By Bea Patel, TLE Property Editor and Director of Shop for an Agent
On Thursday 23 June 2016 Britain faced its biggest decision for decades. We took to the polls to vote if Britain should leave or remain in the EU.
Pre-EU referendum, we saw much uncertainty in the property market, with many people approaching a ‘wait and see’ attitude to buying and selling. Experts predicted house prices could fall up to 18 per cent. Forecasts in sterling weakening opened up predictions that foreign investors would flood the market maximising on the weak pound. But some experts also said that the decrease in house prices would help first-time buyers attempting to get onto the property ladder. With much speculation and uncertainty, it was difficult to predict a Brexit effect on the industry.
Now Britain has voted to leave, what can we expect to happen to the UK property market in the short and long term?
Stuart Johnson, business development manager at Prime Centrum said: “There will be short-term uncertainty but we remain very confident in the long-term growth of the UK property investment market. The case for UK property is underpinned by a number of factors that will not change as a result of the UK leaving the EU.
UK buyers drive property demand and home owners are responsible for the majority of purchases of UK property and these buyers will still be ready to purchase over the medium and long term, especially given interest rates that are likely to remain low as the Bank of England focuses on maintaining stability. Furthermore, the overall lack of supply of property remains a fundamental factor that shows no sign of abating for many years and certainly this will not change whether the UK is in or out of the EU.”
There has also been reports of foreign investment – with investors maximising on the opportunities of the weak pound. International property portal, Properstar recorded a spike of 50 per cent in searches for London property following the Brexit announcement.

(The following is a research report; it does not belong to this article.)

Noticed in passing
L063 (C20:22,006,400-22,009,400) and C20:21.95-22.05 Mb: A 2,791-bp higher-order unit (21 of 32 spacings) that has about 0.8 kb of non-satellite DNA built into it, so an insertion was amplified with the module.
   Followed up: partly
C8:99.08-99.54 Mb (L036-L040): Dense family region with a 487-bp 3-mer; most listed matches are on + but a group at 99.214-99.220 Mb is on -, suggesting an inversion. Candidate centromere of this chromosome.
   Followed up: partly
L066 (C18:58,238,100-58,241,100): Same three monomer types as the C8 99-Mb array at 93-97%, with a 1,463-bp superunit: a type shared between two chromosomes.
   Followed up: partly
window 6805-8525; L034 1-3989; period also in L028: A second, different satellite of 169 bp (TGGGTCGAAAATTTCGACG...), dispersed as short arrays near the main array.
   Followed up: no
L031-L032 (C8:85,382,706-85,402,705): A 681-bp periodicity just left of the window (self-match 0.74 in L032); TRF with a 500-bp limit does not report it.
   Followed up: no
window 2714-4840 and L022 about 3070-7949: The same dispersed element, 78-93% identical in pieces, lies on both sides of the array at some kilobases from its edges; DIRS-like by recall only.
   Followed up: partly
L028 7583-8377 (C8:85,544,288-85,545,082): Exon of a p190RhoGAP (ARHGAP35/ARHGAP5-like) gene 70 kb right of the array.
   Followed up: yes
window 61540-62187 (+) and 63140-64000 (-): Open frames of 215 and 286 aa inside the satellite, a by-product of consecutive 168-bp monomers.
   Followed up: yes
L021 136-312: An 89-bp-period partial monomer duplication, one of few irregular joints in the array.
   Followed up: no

Shameem Golamy, managing director of the portal says the current market conditions look favourable for foreign buyers. He said: “Following the decline in sterling, we heard reports from agents of international buyers rushing to conclude property deals. It’s no surprise when US buyers can now acquire UK property at a third less than a year ago.”
Similar reports came from Jackson-Stops & Staff’s Midhurst branch, which agreed a multi-million pound off-market sale on Friday (24 June 2016) morning – on the back of the Brexit result. Nick Ferrier, director of the branch said: “Despite the uncertainty and tumbling markets caused by the outcome of the EU referendum, we agreed an off market sale to a buyer for a property on the market at around £5 million. The confirmed Brexit has not put off either party who are keen to press ahead with the deal. Viewing requests in the week ahead are strong and we have a number of deals underway.”
Will London’s property market be hit the worst?
Jonathan Stephens, managing director of Surrenden Invest, explains: “I don’t believe property in Britain’s emerging markets; Manchester, Birmingham, Liverpool, will be heavily affected. These regions will remain resilient and are not set to experience any real impact. It will be London’s property that is most significantly affected by the decision, slowing down the market’s recovery.
“The last 6-8 months have seen less than inviting opportunities for investors in the capital and although the result will impact the market further now, the long term prognosis is set to provide investors with increasingly better conditions. Those in the industry have been waiting for a shift in London’s investment landscape and though it may appear to worsen for the foreseeable future, the market will respond and we could see a larger correction than was predicted previously.”
With the current housing shortage and imbalance between supply and demand, house prices have risen. Time will tell if the pre-Brexit predictions of falling house prices will occur. As we enter uncharted waters, we face a ‘wait and see’ scenario. But there are plenty of people who will have to, or still want to move, so these transactions will still take place. Some experts predict short-term problems with optimistic views in the long-term.
Jonathan Stephens, concludes: “After the initial shock of the referendum result, I am now excited about the encouraging long term prospects for the UK’s housing market and its investors. “Leave” has won the day, but we believe that for the UK housing market the watchword is “Remain”. It is going to seem like a helter-skelter for all markets for the next few months, but the medium and long-term prospects for UK residential property remain strong.”